In the following passage historian William McNeill describes the evolution of race as a political
as we...
THE "GOLDEN AGE" OF AFRICAN HISTORY
In the passage below Basil Davidson assesses the period between 1000 and 1500 A.D. whi...
less valued by the peoples south of the desert, because of their hot climate and relative lack of
local supplies, than was...
URBAN CIVILIZATION IN WEST AFRICA
The following passage describes the West African trading cities that were the centers of...
TIMBUKTU: THE URBAN CENTER OF WEST AFRICA
In describing the city of Timbuktu, Robert W. July provides a captivating glimps...
Dancing and music making were a common pastime, particularly at late hours, when
processions typically gathered to serenad...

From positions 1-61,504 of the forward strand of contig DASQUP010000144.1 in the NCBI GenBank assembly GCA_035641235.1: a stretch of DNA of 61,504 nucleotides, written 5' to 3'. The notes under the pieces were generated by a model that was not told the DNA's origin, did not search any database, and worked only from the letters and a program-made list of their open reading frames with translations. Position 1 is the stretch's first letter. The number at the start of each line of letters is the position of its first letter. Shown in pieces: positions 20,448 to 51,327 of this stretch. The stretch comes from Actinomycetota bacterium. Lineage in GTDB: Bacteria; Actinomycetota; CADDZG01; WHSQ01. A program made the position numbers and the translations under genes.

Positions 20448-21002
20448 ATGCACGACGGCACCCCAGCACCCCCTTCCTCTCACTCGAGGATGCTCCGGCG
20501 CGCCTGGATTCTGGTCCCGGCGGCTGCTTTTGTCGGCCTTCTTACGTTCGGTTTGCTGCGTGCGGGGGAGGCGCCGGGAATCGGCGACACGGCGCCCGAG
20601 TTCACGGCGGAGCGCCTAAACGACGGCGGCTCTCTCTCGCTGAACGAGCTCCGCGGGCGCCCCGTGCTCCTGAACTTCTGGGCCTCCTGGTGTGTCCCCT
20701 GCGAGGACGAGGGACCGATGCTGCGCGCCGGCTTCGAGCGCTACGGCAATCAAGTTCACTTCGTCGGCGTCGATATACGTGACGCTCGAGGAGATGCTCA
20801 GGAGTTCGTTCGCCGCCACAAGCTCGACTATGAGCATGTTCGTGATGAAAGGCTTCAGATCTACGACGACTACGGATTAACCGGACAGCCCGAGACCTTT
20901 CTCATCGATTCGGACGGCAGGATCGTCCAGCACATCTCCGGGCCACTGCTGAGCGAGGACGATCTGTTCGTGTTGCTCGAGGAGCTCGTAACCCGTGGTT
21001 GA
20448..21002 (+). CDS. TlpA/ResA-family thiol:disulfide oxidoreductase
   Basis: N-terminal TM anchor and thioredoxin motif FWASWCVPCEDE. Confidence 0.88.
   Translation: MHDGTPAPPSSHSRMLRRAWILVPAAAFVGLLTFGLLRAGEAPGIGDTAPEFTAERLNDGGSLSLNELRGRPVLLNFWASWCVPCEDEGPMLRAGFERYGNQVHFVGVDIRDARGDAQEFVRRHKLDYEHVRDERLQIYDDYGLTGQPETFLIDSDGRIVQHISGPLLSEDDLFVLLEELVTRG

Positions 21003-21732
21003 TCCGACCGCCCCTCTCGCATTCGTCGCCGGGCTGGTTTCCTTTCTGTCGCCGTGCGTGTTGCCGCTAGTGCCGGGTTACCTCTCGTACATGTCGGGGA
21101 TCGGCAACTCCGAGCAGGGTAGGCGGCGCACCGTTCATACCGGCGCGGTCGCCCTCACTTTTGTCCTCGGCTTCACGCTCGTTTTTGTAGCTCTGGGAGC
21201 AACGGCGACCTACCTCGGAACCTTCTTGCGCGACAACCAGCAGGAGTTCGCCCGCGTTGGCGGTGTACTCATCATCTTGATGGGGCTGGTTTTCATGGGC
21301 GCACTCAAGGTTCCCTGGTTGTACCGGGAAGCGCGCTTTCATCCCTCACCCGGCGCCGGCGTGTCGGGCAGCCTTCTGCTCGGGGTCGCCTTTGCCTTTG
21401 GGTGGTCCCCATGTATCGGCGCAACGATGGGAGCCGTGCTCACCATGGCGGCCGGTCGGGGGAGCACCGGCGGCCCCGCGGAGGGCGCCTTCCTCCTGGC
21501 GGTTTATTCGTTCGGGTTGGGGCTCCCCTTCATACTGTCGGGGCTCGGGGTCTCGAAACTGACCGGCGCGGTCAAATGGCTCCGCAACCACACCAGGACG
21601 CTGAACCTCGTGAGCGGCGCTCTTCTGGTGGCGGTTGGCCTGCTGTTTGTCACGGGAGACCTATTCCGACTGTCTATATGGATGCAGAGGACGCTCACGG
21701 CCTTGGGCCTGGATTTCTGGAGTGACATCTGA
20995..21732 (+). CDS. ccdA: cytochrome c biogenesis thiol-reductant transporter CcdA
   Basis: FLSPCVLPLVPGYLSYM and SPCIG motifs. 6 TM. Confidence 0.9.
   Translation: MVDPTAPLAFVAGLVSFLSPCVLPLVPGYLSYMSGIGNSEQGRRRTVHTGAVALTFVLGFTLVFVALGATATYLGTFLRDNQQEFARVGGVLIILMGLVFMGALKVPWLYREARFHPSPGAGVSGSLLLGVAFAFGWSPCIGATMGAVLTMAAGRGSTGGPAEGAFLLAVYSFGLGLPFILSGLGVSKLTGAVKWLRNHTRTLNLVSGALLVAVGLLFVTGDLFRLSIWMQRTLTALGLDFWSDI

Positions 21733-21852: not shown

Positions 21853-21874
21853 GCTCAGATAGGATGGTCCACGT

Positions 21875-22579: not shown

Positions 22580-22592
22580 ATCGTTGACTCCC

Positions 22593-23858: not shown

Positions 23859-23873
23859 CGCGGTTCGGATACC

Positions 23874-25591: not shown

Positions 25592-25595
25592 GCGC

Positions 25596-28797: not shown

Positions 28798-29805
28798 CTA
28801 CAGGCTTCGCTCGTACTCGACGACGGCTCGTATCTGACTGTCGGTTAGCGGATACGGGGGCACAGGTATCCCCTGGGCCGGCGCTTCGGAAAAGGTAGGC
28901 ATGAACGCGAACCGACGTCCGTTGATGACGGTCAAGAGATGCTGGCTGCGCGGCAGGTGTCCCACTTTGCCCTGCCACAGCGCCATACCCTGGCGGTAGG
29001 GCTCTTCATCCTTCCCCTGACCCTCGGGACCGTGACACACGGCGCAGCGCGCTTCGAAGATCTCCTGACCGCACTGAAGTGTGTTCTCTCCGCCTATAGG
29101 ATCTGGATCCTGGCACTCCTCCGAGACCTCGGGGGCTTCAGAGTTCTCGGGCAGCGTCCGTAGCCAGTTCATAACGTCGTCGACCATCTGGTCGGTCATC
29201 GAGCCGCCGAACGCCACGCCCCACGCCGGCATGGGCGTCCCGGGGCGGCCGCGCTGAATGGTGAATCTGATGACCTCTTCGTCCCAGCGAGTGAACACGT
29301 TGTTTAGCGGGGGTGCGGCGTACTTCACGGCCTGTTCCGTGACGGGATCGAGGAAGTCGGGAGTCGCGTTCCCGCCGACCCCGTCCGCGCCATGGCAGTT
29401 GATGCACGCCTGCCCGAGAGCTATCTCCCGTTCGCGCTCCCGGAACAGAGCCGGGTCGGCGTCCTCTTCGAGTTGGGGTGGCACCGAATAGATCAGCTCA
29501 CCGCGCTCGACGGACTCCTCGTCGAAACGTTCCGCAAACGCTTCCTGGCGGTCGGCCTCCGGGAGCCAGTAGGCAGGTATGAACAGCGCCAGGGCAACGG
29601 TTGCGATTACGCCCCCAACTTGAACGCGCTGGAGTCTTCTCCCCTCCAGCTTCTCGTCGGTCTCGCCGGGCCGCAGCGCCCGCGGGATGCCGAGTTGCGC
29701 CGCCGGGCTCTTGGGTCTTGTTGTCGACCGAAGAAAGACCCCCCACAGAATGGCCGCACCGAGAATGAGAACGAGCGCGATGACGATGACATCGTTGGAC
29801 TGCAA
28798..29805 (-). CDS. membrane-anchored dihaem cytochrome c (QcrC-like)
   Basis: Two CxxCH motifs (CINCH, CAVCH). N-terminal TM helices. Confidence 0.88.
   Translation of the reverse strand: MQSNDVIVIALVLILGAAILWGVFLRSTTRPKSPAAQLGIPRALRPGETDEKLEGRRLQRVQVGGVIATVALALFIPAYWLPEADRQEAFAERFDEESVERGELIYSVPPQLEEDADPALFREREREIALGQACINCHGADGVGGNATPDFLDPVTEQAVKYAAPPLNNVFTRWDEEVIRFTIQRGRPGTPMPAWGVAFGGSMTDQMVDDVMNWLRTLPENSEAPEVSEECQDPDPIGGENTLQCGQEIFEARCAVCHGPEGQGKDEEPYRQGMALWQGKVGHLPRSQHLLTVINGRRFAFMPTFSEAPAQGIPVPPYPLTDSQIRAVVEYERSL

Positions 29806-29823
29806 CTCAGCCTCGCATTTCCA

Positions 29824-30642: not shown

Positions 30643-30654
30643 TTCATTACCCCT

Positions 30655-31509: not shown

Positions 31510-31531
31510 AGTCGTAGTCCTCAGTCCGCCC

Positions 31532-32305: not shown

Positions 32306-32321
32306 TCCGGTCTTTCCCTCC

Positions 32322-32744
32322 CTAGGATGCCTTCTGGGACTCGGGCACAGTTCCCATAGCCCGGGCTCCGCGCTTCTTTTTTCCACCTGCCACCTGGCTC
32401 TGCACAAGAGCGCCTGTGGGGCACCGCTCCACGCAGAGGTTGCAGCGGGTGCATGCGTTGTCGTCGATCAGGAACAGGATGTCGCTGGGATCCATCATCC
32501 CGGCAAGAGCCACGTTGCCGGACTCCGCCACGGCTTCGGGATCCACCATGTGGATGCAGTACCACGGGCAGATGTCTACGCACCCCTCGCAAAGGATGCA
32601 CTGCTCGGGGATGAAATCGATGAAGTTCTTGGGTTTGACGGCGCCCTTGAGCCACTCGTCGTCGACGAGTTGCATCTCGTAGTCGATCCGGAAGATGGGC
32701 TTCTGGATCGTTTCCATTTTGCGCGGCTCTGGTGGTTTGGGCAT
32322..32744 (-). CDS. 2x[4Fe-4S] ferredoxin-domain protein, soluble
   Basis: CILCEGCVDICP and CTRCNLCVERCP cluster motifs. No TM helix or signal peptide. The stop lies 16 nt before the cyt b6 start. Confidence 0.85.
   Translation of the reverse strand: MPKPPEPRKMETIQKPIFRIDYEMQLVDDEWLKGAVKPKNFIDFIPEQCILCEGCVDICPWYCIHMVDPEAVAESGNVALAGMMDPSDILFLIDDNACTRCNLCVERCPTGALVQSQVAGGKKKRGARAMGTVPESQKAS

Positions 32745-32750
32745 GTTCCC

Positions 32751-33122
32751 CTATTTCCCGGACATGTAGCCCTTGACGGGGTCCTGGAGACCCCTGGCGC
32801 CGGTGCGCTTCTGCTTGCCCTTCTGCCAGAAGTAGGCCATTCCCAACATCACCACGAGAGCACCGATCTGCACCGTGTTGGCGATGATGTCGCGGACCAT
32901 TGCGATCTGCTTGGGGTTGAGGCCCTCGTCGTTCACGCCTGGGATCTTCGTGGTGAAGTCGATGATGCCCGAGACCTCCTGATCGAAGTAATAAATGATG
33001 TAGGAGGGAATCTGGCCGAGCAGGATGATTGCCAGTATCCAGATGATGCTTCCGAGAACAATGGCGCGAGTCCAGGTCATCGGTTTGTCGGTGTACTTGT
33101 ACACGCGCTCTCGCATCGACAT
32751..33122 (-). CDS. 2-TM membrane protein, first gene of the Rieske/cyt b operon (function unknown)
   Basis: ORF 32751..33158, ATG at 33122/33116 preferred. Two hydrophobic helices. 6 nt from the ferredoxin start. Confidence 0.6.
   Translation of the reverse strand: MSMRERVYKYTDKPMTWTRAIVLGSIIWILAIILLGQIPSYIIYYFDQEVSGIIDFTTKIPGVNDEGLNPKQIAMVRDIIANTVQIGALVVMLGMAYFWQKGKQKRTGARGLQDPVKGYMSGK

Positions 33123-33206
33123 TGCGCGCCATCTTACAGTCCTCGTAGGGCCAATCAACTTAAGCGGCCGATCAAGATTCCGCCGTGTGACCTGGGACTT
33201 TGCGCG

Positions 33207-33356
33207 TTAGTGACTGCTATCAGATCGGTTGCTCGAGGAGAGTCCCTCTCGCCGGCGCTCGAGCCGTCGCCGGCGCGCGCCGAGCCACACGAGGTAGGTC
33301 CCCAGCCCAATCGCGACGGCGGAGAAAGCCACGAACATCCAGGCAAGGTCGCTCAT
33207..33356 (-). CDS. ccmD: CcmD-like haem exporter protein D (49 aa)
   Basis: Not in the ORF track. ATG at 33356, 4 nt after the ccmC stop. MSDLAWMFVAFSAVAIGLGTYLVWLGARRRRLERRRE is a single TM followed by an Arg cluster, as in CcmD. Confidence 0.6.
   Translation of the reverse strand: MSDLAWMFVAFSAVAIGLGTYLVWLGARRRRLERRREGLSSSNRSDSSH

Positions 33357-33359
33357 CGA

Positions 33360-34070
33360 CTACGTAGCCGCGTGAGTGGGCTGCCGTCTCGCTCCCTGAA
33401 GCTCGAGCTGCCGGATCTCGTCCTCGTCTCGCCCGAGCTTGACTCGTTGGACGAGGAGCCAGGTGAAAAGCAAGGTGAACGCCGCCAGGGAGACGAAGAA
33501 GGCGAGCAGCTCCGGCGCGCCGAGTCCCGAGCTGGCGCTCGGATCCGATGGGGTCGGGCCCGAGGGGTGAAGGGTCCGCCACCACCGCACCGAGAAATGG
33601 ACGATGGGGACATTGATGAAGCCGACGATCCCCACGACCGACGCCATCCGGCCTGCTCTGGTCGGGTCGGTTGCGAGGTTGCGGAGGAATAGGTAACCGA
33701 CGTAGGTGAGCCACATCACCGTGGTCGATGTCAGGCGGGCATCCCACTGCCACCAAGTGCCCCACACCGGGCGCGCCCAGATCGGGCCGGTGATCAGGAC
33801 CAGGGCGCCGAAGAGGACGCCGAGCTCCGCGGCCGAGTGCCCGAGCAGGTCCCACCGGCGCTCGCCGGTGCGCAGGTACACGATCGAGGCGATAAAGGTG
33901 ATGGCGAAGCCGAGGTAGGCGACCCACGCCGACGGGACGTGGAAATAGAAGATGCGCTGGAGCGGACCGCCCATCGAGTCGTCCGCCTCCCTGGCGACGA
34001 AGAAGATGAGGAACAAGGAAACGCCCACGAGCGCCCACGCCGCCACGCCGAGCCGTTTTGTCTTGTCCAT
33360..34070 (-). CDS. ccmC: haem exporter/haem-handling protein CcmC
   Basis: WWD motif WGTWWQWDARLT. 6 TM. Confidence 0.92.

THE WRITERS OF TIMBUKTU
In the account below Basil Davidson explores the urbane, intellectual culture that emerged in
Timb...
SLAVERY IN GLOBAL PERSPECTIVE
In the discussion below Harvard sociologist Orlando Patterson compares the variety of servil...
Oriental societies are unusual in world historical terms for the relatively low level of
association between periods of hi...
THE TRANSFORMATION OF SLAVERY
The following account by David Brion Davis traces the evolution of plantation slavery from i...
To understand the significance of changing sources of labor, we must return briefly to the
expansion of slavery in the Med...
slaveholdings was relatively small--the baron de Cadera, for example, owned only twenty
bondsmen, eighteen of whom were bl...
SUGAR AND SLAVERY
In the following account historian David Brion Davis describes the symbiotic relationship
between sugar ...
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African american experience

  1. 1. THE AFRICAN AMERICAN EXPERIENCE: A HISTORY OF BLACK AMERICANS from 1619 to 1890 Professor Quintard Taylor Department of History University of Washington Fall 2000